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In looking at the list of sprocs that take long time to execute, one stands out as causing the most wait. However, most of that wait (81%) is ASYNC_NETWORK_IO and I know why: the sproc transfers roughly 400 MB of information.

In the documentation, it states that the cause of ASYNC_NETWORK_IO is that the client can't keep up with the flood of data and that is probably true. I am not sure how to make the client keep up since all it does is call the sproc via an ADO.NET and then just processes the dataset.

So given this information, should I worry about the ASYNC_NETWORK_IO wait type for this procedure? Does it actually have an effect on the server performance?

Additional pieces of information:

  • I am on service pack 2 of SQL Server 2005.
  • The client app is on the same box as SQL Server (I know, i know...but I can't do anything about it).
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The best way to think about this type of wait is that there's nothing in your query causing it - it's returning data to the client. You will also see this a lot of you have linked tables in Access. One possibility depending on your client app is to break the data into smaller chunks or just return less data. If that's not an option you probably will be limited in what you can do to reduce it. –  JNK Jan 23 at 18:35
    
Is the client app connecting using Shared Memory or TCP/IP? Is the client app and SQL Server sharing the same set of processor cores, or are you using an affinity masking technique to separate them? –  Jon Seigel Jan 23 at 19:19
    
It's the default connection type - nothing special - so it's using Shared Memory. Both apps using the same set of cores - there is no affinity. –  AngryHacker Jan 23 at 19:38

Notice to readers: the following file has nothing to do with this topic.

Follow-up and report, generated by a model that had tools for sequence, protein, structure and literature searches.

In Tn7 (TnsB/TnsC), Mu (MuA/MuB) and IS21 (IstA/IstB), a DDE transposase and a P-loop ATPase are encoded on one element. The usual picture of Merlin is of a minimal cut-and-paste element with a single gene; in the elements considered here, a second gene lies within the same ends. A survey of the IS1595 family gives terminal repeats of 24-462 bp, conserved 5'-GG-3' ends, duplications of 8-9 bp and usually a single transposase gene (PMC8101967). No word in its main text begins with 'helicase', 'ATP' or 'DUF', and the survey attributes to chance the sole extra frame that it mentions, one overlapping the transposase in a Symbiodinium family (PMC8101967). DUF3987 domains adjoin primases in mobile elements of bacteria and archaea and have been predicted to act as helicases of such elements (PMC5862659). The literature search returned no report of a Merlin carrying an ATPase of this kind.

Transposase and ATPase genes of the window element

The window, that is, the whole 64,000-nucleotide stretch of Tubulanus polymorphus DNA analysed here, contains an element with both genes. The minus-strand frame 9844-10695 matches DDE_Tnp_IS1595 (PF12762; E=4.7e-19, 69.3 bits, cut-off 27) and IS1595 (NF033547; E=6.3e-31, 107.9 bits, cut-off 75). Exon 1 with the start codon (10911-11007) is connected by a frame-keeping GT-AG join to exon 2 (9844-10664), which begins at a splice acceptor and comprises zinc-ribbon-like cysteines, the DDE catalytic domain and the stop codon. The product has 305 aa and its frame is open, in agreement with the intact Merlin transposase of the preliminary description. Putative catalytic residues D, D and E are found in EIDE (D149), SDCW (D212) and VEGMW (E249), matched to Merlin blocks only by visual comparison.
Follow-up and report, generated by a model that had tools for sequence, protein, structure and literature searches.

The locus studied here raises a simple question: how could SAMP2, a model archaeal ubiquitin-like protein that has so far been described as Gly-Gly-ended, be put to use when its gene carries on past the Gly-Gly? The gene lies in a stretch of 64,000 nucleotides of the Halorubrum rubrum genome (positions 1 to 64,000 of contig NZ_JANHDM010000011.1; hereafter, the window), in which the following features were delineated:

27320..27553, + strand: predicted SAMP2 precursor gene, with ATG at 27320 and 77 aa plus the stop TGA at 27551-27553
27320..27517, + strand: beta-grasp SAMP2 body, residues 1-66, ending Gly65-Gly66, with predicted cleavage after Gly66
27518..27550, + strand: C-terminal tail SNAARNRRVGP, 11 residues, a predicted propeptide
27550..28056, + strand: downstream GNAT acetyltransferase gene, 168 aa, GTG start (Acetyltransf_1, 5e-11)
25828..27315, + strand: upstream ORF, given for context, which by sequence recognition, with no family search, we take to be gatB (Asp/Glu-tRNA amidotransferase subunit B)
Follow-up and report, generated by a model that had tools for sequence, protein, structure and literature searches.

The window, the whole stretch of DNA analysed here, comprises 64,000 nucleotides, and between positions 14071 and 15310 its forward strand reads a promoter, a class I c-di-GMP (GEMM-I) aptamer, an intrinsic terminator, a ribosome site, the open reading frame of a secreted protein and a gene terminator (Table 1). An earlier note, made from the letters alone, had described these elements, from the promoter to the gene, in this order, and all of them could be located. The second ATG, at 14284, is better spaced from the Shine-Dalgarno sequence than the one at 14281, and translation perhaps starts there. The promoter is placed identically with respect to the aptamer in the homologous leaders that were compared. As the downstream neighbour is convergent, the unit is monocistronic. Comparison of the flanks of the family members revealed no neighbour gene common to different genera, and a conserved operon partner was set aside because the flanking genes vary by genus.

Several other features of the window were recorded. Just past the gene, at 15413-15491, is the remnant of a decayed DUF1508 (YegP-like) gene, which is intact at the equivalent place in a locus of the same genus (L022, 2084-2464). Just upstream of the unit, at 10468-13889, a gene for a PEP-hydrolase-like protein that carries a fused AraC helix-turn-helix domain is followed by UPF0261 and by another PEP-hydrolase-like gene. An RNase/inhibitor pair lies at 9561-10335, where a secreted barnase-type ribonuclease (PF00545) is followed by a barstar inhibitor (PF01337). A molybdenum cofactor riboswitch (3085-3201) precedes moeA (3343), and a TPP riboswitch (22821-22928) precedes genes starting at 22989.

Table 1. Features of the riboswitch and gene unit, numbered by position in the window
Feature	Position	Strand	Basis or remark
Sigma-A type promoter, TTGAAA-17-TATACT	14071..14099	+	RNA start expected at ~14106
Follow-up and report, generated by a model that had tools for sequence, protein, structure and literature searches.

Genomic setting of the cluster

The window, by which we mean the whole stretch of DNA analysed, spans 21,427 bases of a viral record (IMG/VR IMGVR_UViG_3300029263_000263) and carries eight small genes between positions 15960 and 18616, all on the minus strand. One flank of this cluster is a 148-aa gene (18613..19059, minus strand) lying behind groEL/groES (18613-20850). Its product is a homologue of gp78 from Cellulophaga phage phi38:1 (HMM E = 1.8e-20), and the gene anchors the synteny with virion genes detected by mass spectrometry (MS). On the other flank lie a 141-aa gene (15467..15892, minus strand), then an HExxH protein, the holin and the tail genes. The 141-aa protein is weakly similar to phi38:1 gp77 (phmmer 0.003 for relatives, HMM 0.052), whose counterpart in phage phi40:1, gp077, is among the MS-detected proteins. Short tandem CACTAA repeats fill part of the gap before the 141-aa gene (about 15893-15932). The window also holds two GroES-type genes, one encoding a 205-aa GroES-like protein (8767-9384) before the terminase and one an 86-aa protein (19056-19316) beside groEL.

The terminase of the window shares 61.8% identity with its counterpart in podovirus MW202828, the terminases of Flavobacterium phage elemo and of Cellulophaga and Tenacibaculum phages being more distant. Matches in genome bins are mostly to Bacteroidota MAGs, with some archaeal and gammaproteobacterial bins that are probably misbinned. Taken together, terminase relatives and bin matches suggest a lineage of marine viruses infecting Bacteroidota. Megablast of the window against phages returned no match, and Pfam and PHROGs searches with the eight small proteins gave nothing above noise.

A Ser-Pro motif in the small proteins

Is your storage SAN or local? –  Eric Higgins Jan 23 at 20:51
    
@EricHiggins Just a local set of RAIDed hard drives. –  AngryHacker Jan 23 at 22:44
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1 Answer

up vote 5 down vote accepted

As you said, this wait type indicates that the application is not keeping up with SQL Server. Now what that really means is, that SQL Server can't send the data over the network as fast as it would like.

There can be two underlying causes:

  1. The app is written inefficiently and does not process the rows fast enough.
  2. The network is maxed out.

If the application itself is too slow there will be no or no significant impact on the performance of other queries. If on the other hand the pipe is too small, other queries can't send their results either and have to wait.

In the latter case however you would have all connections waiting on ASYNC_NETWORK_IO. You should be able to see that impact clearly.

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For bullet point 1. The data retrieval is done via ADO.NET using standard code: var dataSet = new DataSet(); var da = new SqlDataAdapter(command); da.Fill(dataSet); So I am not sure what exactly could be slow. –  AngryHacker Jan 24 at 0:32
    
For bullet point 2. The application is on the same box as SQL and the connection is via Shared Memory method. So theoretically that should be super fast. –  AngryHacker Jan 24 at 0:35
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